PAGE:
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Rumors are floating around that eBay (NSDQ: EBAY) is going to lay off about 10 percent of its 15,000 employees, attributable mainly to an analyst at Wedge Partners, a small Colorado investment-research firm. And while the company has refused to comment on it, it makes sense that eBay will do some rationalization of its business considering its declining profits and stagnant traffic. Despite that, the company is interested in making some more acquisitions in the online classifieds space, according to Jacob Aqraou, GM of eBay’s global classified business. He told WSJ that the company will take over a “fair” number of companies in the next six months or so. With the market being what it is, and the valuations coming down, the company is looking at sites that have leading positions in geographies and industry segments in which eBay doesn’t currently compete. Eastern Europe and Scandinavia as regional priorities, and areas of coverage includes those that serve professionals, such as car dealers and real-estate agents, as well as individual consumers.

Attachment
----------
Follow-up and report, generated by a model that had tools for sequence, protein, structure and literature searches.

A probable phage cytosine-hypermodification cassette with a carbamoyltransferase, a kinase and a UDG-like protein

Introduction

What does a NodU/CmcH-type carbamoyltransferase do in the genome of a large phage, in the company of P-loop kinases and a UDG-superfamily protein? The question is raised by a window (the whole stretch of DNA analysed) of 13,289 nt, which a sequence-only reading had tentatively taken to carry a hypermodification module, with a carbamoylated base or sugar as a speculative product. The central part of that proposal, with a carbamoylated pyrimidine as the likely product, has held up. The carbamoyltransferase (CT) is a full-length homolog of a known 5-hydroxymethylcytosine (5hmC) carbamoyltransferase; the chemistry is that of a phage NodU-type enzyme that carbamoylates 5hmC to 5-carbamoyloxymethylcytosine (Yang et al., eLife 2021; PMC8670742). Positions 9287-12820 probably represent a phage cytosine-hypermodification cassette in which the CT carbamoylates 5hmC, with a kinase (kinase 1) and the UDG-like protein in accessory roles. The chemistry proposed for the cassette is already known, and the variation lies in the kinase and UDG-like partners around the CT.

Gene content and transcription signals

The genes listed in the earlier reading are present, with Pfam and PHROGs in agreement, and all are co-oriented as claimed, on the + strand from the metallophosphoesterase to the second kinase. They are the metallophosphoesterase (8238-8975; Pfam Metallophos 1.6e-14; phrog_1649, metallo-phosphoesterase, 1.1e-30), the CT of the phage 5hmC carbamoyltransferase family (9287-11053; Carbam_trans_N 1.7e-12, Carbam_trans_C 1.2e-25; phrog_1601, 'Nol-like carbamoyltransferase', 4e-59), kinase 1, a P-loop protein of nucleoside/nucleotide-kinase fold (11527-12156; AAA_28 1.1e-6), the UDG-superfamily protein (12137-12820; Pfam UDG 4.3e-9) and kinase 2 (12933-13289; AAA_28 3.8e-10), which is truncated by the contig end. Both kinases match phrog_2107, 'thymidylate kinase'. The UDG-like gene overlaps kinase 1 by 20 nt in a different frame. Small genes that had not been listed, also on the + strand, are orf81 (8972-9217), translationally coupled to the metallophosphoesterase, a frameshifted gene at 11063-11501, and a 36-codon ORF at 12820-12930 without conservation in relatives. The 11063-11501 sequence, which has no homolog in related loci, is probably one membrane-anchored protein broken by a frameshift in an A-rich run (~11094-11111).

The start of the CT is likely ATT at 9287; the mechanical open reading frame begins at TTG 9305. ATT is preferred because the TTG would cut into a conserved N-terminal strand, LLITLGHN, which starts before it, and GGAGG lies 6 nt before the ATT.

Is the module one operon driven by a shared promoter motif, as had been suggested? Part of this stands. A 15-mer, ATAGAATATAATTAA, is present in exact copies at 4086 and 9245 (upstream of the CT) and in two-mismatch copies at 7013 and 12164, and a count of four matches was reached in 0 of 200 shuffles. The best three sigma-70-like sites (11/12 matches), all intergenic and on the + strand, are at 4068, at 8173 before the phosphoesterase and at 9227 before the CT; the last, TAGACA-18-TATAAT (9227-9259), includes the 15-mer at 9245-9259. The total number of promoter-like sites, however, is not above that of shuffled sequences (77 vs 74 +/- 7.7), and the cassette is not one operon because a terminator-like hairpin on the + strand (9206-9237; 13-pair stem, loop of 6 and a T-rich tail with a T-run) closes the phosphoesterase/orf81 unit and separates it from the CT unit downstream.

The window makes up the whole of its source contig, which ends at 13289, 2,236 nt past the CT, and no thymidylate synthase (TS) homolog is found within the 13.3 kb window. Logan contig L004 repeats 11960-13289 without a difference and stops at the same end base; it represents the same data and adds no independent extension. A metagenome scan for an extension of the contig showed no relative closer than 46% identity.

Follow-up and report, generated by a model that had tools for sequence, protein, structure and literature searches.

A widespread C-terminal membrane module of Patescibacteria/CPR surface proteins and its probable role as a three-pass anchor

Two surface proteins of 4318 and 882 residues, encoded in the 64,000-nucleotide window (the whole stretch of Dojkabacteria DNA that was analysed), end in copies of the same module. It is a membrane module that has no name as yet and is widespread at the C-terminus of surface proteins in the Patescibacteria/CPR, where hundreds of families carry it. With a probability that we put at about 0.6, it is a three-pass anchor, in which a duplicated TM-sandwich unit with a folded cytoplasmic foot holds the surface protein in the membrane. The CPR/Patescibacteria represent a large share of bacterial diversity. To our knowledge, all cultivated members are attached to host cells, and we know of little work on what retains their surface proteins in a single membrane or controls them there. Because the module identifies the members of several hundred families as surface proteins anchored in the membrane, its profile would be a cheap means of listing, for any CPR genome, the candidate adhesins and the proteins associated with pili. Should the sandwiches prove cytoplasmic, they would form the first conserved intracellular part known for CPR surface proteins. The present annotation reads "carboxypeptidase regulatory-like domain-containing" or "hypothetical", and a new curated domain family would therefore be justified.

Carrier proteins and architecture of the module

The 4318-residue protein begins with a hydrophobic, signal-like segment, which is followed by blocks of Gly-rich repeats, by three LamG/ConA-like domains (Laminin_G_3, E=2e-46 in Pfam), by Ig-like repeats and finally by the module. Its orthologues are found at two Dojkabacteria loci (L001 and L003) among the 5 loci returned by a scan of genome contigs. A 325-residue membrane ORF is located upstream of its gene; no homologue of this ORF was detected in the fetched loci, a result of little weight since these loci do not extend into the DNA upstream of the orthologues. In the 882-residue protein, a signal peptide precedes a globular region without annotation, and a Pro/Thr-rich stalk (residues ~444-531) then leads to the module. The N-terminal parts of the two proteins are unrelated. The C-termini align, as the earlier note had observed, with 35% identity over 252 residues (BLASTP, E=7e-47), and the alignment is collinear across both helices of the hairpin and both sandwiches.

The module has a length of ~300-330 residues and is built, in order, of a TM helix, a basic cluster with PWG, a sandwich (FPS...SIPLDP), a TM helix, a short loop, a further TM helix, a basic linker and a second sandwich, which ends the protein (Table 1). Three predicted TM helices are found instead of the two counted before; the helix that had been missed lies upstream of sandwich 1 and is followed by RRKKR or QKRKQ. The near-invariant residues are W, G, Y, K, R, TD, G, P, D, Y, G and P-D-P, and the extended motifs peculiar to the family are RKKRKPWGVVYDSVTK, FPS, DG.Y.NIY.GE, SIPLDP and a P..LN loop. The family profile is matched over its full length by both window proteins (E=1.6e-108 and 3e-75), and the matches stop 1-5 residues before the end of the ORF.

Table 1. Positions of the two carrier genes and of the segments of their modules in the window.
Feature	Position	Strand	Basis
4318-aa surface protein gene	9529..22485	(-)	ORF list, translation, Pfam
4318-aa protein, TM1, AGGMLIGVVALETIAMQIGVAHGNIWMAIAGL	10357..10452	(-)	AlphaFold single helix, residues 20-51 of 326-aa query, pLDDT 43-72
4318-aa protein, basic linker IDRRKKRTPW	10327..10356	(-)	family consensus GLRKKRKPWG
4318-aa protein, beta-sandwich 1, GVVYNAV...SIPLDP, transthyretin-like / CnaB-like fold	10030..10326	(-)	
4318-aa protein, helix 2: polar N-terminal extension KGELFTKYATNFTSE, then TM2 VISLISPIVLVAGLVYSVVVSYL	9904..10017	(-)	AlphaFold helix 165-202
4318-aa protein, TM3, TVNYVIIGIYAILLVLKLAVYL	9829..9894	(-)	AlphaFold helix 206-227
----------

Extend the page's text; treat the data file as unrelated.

eBay owns 25 percent of Craigslist (along with the recent lawsuits), and has bought sites worldwide including Germany’s Mobile.de, Marktplaats of the Netherlands, Spain’s Loquo and India’s Bazee. It also launched Kijiji, a classifieds site available in more than 20 countries including U.S. The classifieds business is estimated to generate between 5 percent and 10 percent of the company’s $7.7 billion in annual revenue, the story said.